Common men issues feminists rarely talk about

by Daniel Nkado

Let’s face it: it’s not easy to talk about men’s issues.

First, there’s this preconceived notion that women pretty much have it worse.

Second, there’s the fact that most men would rather silently power through their problems than talk about them – as if being male alone solved every problem in the world.



The reality is that the world has already been made to believe that women are more disadvantaged than men. Almost all men believe this too, thereby stifling any man who would want to defy the odds and speak up.


There is a reason masculism and many other Men’s Rights movements are not getting widespread attention as feminism — society cannot stand a complaining man!


Imagine how exhausting it is to be talking and nobody is listening.

“Across the world, men are more likely to be conscripted into the military, go to jail, be victims of violence, die in their jobs, lose custody of their children, and take their own lives.”


But, hey, nobody cares!

Anyone can have problems, regardless of their gender, race, ethnicity, religion, sexual orientation, etc.

This is why I certainly would not support an ideology as sexist as feminism.

Here are common issues men face that feminists rarely talk about:

1. Suicide

A recent study revealed the biggest killer of men under 45 in the UK to be suicide.

Emile Durkheim’s study on suicide found the most common cause of suicide in men to be due to “social factors”.

2. Homelessness

According to the most recent SAMHSA report, the homeless population of America was approximately 51% single men and 24% single women.

Homelessness is often linked to the cultural breakdown of family roles – in which the male is forced to leave his family, go make money, marry a wife and then start his own family.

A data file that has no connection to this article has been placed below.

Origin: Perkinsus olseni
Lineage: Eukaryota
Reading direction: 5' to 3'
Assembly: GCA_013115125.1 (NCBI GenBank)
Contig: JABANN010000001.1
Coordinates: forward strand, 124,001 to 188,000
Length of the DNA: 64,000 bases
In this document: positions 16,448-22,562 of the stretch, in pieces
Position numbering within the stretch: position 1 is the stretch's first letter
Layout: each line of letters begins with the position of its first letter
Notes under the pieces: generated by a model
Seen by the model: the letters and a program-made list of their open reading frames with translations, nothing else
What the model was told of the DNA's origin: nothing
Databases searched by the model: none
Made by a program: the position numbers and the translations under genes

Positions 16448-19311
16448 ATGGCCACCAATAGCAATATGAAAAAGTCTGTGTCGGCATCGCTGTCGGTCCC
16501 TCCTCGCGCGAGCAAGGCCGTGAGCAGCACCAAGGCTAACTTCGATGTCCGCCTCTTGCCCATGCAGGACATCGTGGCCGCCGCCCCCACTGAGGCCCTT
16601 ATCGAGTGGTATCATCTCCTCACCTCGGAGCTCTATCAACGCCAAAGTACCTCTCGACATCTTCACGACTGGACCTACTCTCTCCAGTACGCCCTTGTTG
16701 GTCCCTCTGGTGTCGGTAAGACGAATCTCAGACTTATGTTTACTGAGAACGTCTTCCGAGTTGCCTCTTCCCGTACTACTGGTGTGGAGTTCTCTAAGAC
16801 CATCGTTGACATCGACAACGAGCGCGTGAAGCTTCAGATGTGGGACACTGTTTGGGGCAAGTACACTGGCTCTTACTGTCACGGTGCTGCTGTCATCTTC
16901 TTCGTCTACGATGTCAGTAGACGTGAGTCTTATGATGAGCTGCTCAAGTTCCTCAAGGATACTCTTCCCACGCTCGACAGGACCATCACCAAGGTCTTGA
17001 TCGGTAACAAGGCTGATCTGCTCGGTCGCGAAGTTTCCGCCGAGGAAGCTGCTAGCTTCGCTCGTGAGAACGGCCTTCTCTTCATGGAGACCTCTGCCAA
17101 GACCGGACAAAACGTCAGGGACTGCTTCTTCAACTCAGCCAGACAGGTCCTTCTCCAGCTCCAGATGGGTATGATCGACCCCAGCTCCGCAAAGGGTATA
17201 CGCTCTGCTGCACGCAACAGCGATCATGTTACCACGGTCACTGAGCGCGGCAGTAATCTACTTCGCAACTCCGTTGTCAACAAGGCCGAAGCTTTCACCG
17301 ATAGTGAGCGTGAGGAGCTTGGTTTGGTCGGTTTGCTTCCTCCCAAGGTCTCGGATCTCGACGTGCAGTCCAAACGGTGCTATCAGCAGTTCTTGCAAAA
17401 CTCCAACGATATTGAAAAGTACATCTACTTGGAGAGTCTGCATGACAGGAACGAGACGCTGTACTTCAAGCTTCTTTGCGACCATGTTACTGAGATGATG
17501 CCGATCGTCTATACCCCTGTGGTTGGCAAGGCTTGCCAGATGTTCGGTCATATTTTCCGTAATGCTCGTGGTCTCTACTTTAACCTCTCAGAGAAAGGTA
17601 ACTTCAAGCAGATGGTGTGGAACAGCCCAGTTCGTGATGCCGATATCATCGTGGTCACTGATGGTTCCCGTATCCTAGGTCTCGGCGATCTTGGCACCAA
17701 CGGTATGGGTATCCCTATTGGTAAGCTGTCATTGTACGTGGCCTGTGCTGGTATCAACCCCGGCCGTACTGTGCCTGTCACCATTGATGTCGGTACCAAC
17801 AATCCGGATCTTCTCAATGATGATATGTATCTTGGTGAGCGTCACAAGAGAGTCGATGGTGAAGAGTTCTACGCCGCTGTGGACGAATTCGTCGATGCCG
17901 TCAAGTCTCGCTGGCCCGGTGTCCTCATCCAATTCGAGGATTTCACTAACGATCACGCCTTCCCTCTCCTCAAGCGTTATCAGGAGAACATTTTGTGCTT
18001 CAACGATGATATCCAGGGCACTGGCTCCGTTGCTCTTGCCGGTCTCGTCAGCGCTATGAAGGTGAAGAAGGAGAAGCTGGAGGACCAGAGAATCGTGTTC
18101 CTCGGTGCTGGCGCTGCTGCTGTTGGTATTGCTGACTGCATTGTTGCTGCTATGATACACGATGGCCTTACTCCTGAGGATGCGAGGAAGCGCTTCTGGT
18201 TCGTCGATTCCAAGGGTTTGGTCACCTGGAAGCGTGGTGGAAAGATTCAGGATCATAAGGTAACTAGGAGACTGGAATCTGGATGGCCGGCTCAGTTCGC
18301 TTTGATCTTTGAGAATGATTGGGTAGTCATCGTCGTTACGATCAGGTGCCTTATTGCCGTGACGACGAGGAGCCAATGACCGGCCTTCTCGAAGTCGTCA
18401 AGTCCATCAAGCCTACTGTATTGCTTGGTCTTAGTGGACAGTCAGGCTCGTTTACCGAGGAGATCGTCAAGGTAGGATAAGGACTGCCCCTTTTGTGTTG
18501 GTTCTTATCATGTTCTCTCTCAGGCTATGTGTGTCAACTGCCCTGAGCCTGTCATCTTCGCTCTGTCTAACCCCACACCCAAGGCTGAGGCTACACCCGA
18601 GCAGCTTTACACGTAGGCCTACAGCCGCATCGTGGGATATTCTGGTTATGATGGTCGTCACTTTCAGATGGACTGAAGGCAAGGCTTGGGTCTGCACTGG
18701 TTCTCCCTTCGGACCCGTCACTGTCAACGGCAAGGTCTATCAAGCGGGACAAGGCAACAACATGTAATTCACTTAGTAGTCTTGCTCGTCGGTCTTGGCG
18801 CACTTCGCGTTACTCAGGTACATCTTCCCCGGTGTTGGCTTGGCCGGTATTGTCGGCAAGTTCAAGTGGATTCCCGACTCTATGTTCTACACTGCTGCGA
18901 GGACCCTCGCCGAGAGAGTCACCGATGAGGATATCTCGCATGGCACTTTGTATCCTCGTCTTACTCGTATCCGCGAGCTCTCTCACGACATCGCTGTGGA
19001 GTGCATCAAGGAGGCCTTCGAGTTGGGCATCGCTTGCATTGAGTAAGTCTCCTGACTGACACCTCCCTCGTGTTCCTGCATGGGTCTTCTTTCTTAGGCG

It has also been proven that men face more difficulty than women in finding someone to take them in.


All over Africa, there are more boys and men living on the streets than women.

3. Incarceration

More men get into prison than women. A man is more likely to receive a harsher sentence than a woman for the same crime. Following a crime, men are the first to be suspected, arrested and detained.

4. Indifference to male abuse

The society rarely ever acknowledges that men get harassed, raped and/or abused too. ‘Man up’ is a phrase used to mean being male leaves no room for weakness.

5. Career

Men are more likely to pick up life-endangering jobs and occupation than women. Men account for 93% of all workplace deaths in America alone.


Every day, all around the world, more men than women wake up in the morning to go to jobs they are not certain they are returning safe from.

6. Hero burden

Men are steadily pressured by society to look out for others. They must give their seats to the standing woman on the train, walk outward to the road to protect his female partner, help any woman in need he encounters, sometimes even when it means giving up his own life (please read this post).

7. Sex and relationships

Many men are pressured by society to lose their virginity, have desirable bodies and an impressive amount of sexual endowment and vigor. Lack of any of these leads to shaming.


Talk about the sad reality of 45-seconds men!

8. Unrealistic and stereotypical portrayals of men in the media and culture

Tired of seeing dumb and deadbeat dads? Sick of every man on TV being a sex-obsessed womanizer? That’s the typical media stereotype of men.



In contrast to more romanticized female characters, men are often portrayed as incompetent, misogynistic, brutish slobs who only think about sex, beer and sports and have few other redeeming qualities.

I could go on and on, but the idea is for us to realize that whether man or woman, feminist or not, everyone has problems.

There are just as much men issues are there are female issues and true equality is paying equal attention to them all.



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Daniel Nkado is a Nigerian writer and the founder of DNBStories.com.


Get his books on DNB StoreOkadaBooks or BamBooks!

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